Barksdale lawyers battle dismissal
By Holly Hollman
firstname.lastname@example.org · 340-2445
That's what representatives for Farron Barksdale's family said remain after his death.
Attorneys for Barksdale's mother and the Southern Center for Human Rights included their questions in a response filed Friday in Montgomery County Circuit Court.
The center and Mary Barksdale filed an open records act lawsuit against Department of Corrections Commissioner Richard Allen. The defendant filed a motion for the court to dismiss the case, which led to Friday's response by the plaintiffs.
Barksdale, 32, was serving life without parole for killing Athens police officer Tony Mims and Sgt. Larry Russell in 2004.
Limestone County authorities transferred Barksdale to Kilby Correctional Facility on Aug. 8. Four days later the staff found him unresponsive in his cell and transported him to Baptist Medical Center South in Montgomery.
He died 10 days later when the family opted to remove him from life support.
The DOC issued a press release that said Barksdale died of complications from bronchopneumonia with contributory factors of hyperthermia, an abnormally high body temperature, and coagulopathy, a blood clotting disorder.
There was no evidence of external or internal trauma, a DOC press release stated.
However, the autopsy report noted bruises.
Dr. Kenneth Snell of the Alabama Department of Forensic Sciences told The Associated Press some bruises were related to medical treatment in a hospital and his deteriorating health. Bruises on his hips were older and larger and could not be explained, Snell said, but he added that the bruises were not linked to Barksdale’s death.
The response listed five questions DOC should answer regarding Barksdale’s death.
What caused the unexplained bruising?
Did the staff adequately monitor Barksdale?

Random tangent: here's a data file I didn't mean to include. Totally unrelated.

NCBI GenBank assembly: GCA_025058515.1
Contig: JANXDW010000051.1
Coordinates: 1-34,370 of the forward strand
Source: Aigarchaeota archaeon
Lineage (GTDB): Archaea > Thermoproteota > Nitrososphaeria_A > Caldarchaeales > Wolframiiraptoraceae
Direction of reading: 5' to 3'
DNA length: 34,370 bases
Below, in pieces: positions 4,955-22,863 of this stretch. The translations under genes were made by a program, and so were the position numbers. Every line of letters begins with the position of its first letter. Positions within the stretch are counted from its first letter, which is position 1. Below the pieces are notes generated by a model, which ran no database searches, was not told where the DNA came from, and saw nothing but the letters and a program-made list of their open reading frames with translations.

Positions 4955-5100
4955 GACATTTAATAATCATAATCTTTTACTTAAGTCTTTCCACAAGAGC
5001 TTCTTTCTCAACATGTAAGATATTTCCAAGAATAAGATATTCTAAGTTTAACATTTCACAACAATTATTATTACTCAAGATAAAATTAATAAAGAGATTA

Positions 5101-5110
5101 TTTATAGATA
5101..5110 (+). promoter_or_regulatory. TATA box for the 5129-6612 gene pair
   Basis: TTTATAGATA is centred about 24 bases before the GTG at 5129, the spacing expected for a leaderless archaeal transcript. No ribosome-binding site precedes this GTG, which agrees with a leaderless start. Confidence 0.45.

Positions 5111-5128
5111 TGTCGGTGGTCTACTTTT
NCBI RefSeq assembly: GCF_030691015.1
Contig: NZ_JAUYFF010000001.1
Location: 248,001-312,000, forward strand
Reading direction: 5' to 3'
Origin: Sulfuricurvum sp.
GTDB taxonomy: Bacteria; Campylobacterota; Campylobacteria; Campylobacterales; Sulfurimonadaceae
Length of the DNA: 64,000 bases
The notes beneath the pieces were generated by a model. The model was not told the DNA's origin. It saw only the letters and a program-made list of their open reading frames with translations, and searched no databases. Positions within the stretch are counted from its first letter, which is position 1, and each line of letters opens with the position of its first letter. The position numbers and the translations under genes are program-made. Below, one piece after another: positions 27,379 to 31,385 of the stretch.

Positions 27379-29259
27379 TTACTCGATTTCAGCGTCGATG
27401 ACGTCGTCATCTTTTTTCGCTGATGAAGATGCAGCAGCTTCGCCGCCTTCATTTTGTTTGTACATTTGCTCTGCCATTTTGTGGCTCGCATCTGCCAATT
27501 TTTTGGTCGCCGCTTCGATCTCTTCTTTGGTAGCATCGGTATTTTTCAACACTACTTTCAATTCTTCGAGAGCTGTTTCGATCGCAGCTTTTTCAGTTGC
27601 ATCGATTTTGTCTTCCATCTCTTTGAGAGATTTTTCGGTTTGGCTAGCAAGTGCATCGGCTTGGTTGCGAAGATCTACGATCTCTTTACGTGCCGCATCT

If Barksdale complained of any illness, did prison officials respond reasonably?
Was Barksdale unconscious for a long period of time before being discovered?
Were appropriate steps taken to revive him?
The response states that the court should deny the dismissal request and order DOC to grant access to prison incident reports, investigative reports and other records.
DOC spokesman Brian Corbett has said an inmate’s file and investigative reports are not public record.
The plaintiffs’ response states that incident reports and investigative reports are two different documents, and according to state law, are public record.
“Defendant cannot shield important public documents from view simply by placing a copy in the inmate’s file,” the response states.
Both Georgia and Florida make prison incident reports available to the public, the response states.
The response also states that the plaintiffs have met the state Supreme Court’s standard for obtaining investigative reports because there would be undue hardship from DOC’s non-disclosure.
The information in those reports is not available from any other source.
Jake Watson, one of the attorneys representing Mary Barksdale, has said the medical intake records at Kilby do not note Barksdale having any health problems.
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